IDAHO: Governor Butch Otter has announced the 19 members of the state’s Health Insurance Exchange board, authorized by recently enacted exchange rules and regulations legislation. The board includes representatives of consumer interests, health insurance carriers, companies selling health insurance products, small employers, and health care providers. Legislative leadership also appointed Senator Jim Rice (R), and Representatives Kelley Pack (D) and John Rusche (D), a retired physician, to the board. The Directors of the Departments of Insurance and Health and Welfare will also serve as non-voting ex-officio board members.

INDIANA: With just a week left in the current legislative session, a proposed comprehensive expansion of managed care for Medicaid recipients seems unlikely. Early in the legislative session, key lawmakers were poised to mandate an expansion of Medicaid managed care to aged, blind, disabled and expansion populations. When the House Republican budget was introduced and passed out of the House, it included an aggressive expansion of managed care to help control program costs. The administration, however, is opposed to an aggressive timeline for expansion, and does not want a legislative mandate on any action it may take. Instead, fiscal leaders are likely to direct the administration to prepare a specific, detailed report on the impact of managed care expansion. The administration was asked to report on this topic last session, but some lawmakers felt the report was inadequate.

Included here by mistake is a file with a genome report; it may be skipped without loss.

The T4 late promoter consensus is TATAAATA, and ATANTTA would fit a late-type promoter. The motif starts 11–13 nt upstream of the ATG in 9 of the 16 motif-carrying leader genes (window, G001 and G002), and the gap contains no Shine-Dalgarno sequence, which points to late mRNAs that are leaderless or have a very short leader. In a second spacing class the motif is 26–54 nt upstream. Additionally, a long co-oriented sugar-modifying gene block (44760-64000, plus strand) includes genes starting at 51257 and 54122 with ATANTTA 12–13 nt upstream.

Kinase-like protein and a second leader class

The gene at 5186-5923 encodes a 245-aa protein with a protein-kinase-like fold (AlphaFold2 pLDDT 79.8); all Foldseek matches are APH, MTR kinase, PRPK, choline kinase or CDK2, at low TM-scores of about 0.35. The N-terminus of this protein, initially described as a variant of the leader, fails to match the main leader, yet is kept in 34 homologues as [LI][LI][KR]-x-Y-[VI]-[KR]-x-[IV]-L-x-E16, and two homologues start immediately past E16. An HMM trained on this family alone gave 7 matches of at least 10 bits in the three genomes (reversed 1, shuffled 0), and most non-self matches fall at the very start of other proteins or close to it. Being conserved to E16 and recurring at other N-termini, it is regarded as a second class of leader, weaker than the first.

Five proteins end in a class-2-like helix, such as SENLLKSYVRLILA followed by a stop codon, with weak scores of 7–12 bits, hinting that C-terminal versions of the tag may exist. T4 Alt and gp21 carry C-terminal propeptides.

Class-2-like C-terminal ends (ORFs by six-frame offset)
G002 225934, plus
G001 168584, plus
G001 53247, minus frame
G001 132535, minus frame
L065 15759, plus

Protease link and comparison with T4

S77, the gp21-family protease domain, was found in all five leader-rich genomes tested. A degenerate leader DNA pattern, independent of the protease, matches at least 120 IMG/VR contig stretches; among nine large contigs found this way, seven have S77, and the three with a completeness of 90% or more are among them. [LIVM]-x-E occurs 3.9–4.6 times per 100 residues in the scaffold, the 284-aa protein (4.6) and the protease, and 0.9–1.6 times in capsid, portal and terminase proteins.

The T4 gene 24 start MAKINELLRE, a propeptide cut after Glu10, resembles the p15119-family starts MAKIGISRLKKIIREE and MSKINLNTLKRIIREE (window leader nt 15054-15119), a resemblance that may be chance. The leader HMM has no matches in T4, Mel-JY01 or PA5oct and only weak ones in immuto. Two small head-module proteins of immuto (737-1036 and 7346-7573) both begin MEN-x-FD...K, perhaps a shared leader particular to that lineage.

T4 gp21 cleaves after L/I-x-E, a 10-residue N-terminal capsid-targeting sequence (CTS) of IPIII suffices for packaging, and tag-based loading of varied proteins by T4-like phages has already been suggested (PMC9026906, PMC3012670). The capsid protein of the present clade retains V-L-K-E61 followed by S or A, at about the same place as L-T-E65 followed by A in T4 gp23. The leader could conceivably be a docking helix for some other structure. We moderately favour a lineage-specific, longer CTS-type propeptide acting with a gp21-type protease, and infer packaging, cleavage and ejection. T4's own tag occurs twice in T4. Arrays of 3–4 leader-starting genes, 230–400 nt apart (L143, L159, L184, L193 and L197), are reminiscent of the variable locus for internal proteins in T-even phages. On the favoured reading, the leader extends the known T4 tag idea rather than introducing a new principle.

MAINE: Back from a spring break, the legislature is expected to continue work on Medicaid expansion legislation. While the legislature appears largely supportive of Medicaid expansion, the LePage Administration continues to oppose expansion without reimbursement guarantees from the federal government. Medicaid expansion will get wrapped into the legislature’s broader budget negotiations. Separately, the Insurance Committee will conduct work sessions on ACA conformance legislation, including suspension of the state’s reinsurance program assessment for the duration of the federal reinsurance program and establishment of an individual market open enrollment period to align with the ACA. After public hearings conducted in mid-April, both bills appear to have broad support.

NEW YORK: Exchange implementation is in high gear. With qualified health plan proposals due to the exchange on April 15, the state revised its guidance and increased the number and mix across metal tiers of non-standard plans that carriers can offer on both the individual and SHOP exchange. For carriers wishing to revise their initial submission and increase the number of exchange offerings, the deadline for non-standard rate and product filings has been extended to May 15. Separately, the Healthy New York Small Group product mandate remains, and this product filing is due May 15 along with all other off-exchange small group product filings.

RHODE ISLAND: Rhode Island’s first Health Insurance Commissioner, Chris Koller, has announced he is leaving to become president of the New York City-based Milbank Memorial Fund, a national health policy foundation. Koller has served in his current position since 2005, when the Office of Health Insurance Commissioner (OHIC) was created. During his tenure, OHIC has actively pursued various health care reform initiatives.

UTAH: The Department of Insurance last week hosted an ACA implementation meeting for carriers in preparation for the small employer exchange. Although the DOI stated that individuals will be enrolled in a federally facilitated exchange with the state handling plan management, there is still no official announcement on how the individual exchange will be administered.